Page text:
[squeak-dev] Re: #nextChunk speedup, the future of multibyte
nicolas.cellier.aka.nice at gmail.com
Wed Feb 3 08:13:21 UTC 2010
I don't like at all having a String being a blob of bits subject to
String is a collection of characters, and there should be a canonical
encoding known from the VM.
utf8ToSqueak, squeakToUtf8 etc... are quick and dirty hacks.
We should use ByteArray, or better, introduce an UTF8String if it
becomes that important.
Code will be much much much cleaner and foolproof.
2010/2/2 Andreas Raab <andreas.raab at gmx.de>:
> Levente Uzonyi wrote:
>> On Sun, 31 Jan 2010, Igor Stasenko wrote:
>>> Well, utf8 is an octet stream (bytes), not characters. While we are
>>> seeking for '!' character, not byte.
>>> Logically, the data flow should be following:
>>> <primitive> -> ByteArray -> utf8 reader -> character stream -> '!'
>> This is far from reality, because
>> - #nextChunk doesn't work in binary mode:
>> 'This is a chunk!!!' readStream nextChunk "===> 'This is a chunk!'"
>> 'This is a chunk!!!' asByteArray readStream nextChunk "===> MNU"
>> - text converters don't do any conversion if the stream is binary
> Right, although I think Igor's point is slightly different. You could
> implement #upTo: for example by applying to encoding to the argument and
> then do #upToAllEncoded: which takes an encoded character sequence as the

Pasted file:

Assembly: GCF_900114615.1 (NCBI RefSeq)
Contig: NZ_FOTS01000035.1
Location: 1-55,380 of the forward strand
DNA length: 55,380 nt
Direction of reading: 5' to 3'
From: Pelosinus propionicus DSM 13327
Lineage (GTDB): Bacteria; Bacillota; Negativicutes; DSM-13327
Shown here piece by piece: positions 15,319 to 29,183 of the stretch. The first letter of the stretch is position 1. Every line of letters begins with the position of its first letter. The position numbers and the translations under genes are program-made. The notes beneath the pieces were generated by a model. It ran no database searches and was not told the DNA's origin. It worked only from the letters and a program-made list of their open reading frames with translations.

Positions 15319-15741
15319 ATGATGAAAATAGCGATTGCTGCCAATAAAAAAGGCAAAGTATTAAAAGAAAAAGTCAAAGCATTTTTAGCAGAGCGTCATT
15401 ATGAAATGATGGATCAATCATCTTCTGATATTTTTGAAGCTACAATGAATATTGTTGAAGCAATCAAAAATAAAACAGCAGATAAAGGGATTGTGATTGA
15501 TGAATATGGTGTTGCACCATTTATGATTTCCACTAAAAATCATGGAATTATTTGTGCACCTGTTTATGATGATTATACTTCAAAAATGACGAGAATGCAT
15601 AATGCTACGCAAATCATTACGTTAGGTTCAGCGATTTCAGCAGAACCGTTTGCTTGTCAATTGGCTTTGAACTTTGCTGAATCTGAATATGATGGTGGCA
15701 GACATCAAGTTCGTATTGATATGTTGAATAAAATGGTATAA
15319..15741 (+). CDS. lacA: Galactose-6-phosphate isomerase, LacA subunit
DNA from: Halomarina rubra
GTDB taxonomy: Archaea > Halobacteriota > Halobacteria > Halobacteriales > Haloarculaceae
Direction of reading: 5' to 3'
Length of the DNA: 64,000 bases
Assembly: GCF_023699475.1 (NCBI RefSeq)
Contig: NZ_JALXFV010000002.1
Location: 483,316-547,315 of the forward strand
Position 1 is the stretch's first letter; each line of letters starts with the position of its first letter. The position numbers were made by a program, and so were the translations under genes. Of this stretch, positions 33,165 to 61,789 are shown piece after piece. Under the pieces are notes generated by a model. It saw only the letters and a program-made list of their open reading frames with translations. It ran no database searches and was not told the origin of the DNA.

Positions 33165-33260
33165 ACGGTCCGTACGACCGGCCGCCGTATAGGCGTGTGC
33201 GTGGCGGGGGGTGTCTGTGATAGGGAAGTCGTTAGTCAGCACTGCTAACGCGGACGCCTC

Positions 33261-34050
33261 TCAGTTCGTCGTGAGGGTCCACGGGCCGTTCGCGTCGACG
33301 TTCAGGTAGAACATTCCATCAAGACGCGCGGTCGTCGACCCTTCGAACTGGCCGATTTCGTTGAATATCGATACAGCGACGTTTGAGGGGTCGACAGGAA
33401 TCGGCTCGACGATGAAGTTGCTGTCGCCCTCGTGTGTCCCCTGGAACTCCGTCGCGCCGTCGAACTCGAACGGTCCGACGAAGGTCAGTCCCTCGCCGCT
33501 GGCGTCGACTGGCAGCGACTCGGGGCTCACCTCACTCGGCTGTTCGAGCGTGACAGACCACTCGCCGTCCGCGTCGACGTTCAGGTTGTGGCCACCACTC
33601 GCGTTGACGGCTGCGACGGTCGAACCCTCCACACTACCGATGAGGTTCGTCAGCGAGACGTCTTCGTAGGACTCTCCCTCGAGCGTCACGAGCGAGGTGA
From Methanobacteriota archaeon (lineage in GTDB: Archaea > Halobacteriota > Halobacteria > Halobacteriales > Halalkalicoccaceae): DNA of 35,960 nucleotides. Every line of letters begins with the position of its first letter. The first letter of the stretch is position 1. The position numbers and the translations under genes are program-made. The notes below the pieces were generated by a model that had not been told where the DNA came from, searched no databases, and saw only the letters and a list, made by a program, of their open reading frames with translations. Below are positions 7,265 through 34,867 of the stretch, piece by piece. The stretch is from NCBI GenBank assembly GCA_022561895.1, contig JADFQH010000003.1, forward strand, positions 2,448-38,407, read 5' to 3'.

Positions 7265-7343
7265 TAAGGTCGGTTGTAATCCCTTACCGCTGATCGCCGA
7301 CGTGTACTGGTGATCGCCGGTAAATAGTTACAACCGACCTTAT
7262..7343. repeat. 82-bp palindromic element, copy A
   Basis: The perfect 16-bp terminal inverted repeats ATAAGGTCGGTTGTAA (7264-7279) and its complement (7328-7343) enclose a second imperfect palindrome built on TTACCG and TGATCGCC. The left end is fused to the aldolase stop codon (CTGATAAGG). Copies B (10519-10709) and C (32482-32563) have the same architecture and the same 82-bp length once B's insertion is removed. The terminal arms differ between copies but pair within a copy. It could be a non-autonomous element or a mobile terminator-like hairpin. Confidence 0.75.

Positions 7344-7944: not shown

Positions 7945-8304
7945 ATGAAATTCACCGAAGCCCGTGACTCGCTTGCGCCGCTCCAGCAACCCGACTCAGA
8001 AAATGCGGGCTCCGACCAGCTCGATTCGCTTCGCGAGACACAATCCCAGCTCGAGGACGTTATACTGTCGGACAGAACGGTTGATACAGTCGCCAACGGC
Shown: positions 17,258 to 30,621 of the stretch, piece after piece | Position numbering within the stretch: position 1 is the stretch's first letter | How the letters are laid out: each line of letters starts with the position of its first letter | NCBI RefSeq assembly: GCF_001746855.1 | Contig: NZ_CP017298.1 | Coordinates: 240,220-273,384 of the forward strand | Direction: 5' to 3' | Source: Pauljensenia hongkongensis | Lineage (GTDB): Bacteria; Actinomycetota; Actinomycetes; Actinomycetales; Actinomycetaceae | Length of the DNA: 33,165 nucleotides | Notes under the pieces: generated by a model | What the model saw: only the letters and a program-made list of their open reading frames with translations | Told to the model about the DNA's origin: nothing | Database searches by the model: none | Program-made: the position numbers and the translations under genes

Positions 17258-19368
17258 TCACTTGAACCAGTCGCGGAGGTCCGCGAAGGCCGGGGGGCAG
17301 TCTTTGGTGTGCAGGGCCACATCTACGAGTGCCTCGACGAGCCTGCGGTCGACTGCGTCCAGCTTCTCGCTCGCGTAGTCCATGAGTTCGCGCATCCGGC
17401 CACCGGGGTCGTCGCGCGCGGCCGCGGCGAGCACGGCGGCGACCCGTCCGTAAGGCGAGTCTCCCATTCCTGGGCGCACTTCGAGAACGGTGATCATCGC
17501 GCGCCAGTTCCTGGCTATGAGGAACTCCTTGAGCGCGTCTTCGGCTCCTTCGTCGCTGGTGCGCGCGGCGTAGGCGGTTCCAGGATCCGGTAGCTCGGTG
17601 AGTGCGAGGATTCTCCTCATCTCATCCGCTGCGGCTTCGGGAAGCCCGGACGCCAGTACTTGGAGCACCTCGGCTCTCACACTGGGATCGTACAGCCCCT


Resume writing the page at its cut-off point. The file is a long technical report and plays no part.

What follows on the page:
> argument. This would preserve the generality of #upTo: with the potential
> for more general speedup. I.e.,
> upTo: aCharacter
> => upToEncoded: bytes
> => primitive read
> <= return encodedBytes
> <= converter decode: encodedBytes
> <= returns characters
> (one assumption here is that the converter doesn't "embed" a particular
> character sequence as a part of another one which is true for UTF-8 but I'm
> not sure about other encodings).
>> That's what my original questions were about (which are still unanswered):
>> - is it safe to assume that the encoding of source files will be
>> compatible with this "hack"?
>> - is it safe to assume that the source files are always UTF-8 encoded?
> I think UTF-8 is going to be the only standard going forward. Precisely
> because it has such (often overlooked) extremely useful properties. So yes,
> I think it'd be safe to assume that this will work going forward.
> - Andreas
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